State Board of Education Vice President Ron Butcher lauded the district for their efforts and perseverance.
“Meeting standards for QSAC wasn’t easy, but you’ve done it,” he said. “And now you will receive fruits of your labor.”
Butcher, who was on the state board at the time of the district's takeover noted the state’s failure to plan for the dramatic move.
“What we didn’t realize that there was no mechanism to return to local control,” he said, stating that QSAC was put into place to manage the transition. “It took much longer than anticipated, but the information and data indicates that the return of local control is warranted at this time.”
Newark Mayor Ras Baraka said it was a momentous day for the city and recalled his experiences at the time of the takeover.
“I was a teacher when the state took over,” Baraka said. “…At that moment, I felt like we were being annexed. In 1995, we were going through some difficult times and at that moment we needed help, we needed support. What we did not need was to be taken over.”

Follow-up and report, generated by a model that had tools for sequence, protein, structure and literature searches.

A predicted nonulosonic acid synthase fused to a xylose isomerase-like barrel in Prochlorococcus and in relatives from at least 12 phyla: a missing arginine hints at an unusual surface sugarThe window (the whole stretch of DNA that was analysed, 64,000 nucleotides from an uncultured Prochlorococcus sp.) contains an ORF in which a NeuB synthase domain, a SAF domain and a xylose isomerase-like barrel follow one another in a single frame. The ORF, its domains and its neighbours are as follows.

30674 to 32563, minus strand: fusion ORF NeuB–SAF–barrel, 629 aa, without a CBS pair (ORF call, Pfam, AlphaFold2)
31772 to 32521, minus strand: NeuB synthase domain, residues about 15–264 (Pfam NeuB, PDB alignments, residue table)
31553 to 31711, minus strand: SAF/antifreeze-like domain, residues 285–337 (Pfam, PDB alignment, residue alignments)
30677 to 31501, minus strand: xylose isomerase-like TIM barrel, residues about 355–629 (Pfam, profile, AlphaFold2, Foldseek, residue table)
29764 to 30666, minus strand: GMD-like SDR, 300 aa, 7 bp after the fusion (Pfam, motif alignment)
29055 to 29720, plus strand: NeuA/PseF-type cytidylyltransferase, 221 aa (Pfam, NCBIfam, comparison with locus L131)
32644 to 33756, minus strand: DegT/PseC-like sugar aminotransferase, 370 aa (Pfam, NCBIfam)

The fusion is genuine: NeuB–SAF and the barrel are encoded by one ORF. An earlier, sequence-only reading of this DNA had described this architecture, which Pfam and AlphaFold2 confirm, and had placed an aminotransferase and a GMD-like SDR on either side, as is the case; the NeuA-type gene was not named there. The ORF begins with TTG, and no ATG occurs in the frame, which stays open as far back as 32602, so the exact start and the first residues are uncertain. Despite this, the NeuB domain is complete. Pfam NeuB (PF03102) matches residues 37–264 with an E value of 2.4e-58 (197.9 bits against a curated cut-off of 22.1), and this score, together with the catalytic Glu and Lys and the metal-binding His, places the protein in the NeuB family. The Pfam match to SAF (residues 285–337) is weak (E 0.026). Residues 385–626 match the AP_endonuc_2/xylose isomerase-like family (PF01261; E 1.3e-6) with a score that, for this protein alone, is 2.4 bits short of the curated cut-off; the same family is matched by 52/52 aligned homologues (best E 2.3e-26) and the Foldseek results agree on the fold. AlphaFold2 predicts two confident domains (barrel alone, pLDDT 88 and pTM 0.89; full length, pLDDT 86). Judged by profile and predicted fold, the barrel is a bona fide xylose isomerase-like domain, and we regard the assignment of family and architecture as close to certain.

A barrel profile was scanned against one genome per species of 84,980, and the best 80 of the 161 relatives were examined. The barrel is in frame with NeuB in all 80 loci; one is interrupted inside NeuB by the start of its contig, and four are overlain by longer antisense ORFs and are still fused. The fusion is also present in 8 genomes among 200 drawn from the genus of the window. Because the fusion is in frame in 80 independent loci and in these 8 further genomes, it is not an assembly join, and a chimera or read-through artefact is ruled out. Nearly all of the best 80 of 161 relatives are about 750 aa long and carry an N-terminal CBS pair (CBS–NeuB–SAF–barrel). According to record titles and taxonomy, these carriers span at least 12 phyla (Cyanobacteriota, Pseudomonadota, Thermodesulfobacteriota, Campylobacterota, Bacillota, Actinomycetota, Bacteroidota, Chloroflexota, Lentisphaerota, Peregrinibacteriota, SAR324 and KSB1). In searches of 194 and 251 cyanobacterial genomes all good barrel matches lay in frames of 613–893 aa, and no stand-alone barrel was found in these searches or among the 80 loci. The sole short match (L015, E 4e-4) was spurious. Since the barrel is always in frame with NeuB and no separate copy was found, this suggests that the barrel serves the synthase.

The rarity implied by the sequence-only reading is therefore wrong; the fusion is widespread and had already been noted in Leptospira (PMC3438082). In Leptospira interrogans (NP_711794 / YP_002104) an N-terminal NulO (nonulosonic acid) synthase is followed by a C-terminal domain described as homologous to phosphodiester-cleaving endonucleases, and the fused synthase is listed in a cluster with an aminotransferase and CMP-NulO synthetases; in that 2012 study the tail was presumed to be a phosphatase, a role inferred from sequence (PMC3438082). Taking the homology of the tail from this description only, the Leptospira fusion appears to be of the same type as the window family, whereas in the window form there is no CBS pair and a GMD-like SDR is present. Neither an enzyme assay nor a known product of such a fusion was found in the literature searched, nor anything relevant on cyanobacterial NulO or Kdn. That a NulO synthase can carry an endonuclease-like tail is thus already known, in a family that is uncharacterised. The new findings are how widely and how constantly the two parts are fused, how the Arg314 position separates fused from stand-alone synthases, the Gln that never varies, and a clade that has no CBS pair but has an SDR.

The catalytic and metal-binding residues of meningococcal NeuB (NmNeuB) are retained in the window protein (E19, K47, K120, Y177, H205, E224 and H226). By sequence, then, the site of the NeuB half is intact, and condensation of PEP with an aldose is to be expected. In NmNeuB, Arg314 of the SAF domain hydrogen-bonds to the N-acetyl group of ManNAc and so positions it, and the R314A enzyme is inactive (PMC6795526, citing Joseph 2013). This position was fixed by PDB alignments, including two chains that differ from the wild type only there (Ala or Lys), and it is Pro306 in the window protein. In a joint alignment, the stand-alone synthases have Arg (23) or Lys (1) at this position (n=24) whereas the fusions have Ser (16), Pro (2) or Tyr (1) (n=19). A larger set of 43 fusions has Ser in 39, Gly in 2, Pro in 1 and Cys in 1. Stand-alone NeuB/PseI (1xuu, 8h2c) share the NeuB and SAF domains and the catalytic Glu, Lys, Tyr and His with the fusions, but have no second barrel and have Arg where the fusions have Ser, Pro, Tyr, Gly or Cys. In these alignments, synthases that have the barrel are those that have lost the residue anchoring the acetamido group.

North Ward Councilman Anibal Ramos Jr., a former advisory board member who was chair of the board during Superintendent Marion Bolden's tenure, said he has witnessed first hand the positive transformation of the district, including expansion of early child hood education and preschool programs, expansion of educational and programmatic options, physical improvements of our school facilities and recreation sites and efforts to empower parents in decision making.
"While progress is noted, we still have a lot of work ahead of us," Ramos said. "With local control comes a greater sense of local responsibility. Ensuring that our local public schools are successfully is a collective responsibility and failure is not an option."
Superintendent of Newark Public Schools Christopher Cerf said the district has made significant gains in PARCC scores and graduation rates, among other areas.
“This is truly a historic moment,” Cerf said. “Newark Public School students have indeed made great progress and it is evidenced in every measurable statistic.”
Cerf cited the districts significant improvements in PARCC results in both ELA (English/Language Arts) and Math.
According to preliminary PARCC results put out by the district, NPS students improved by 2.7 percentage points in ELA and 2.8 percentage points in math overall, besting statewide gains.
Participation rates also increased, with more than 93 percent of students taking the PARCC, up from 90 percent in 2016, Cerf said.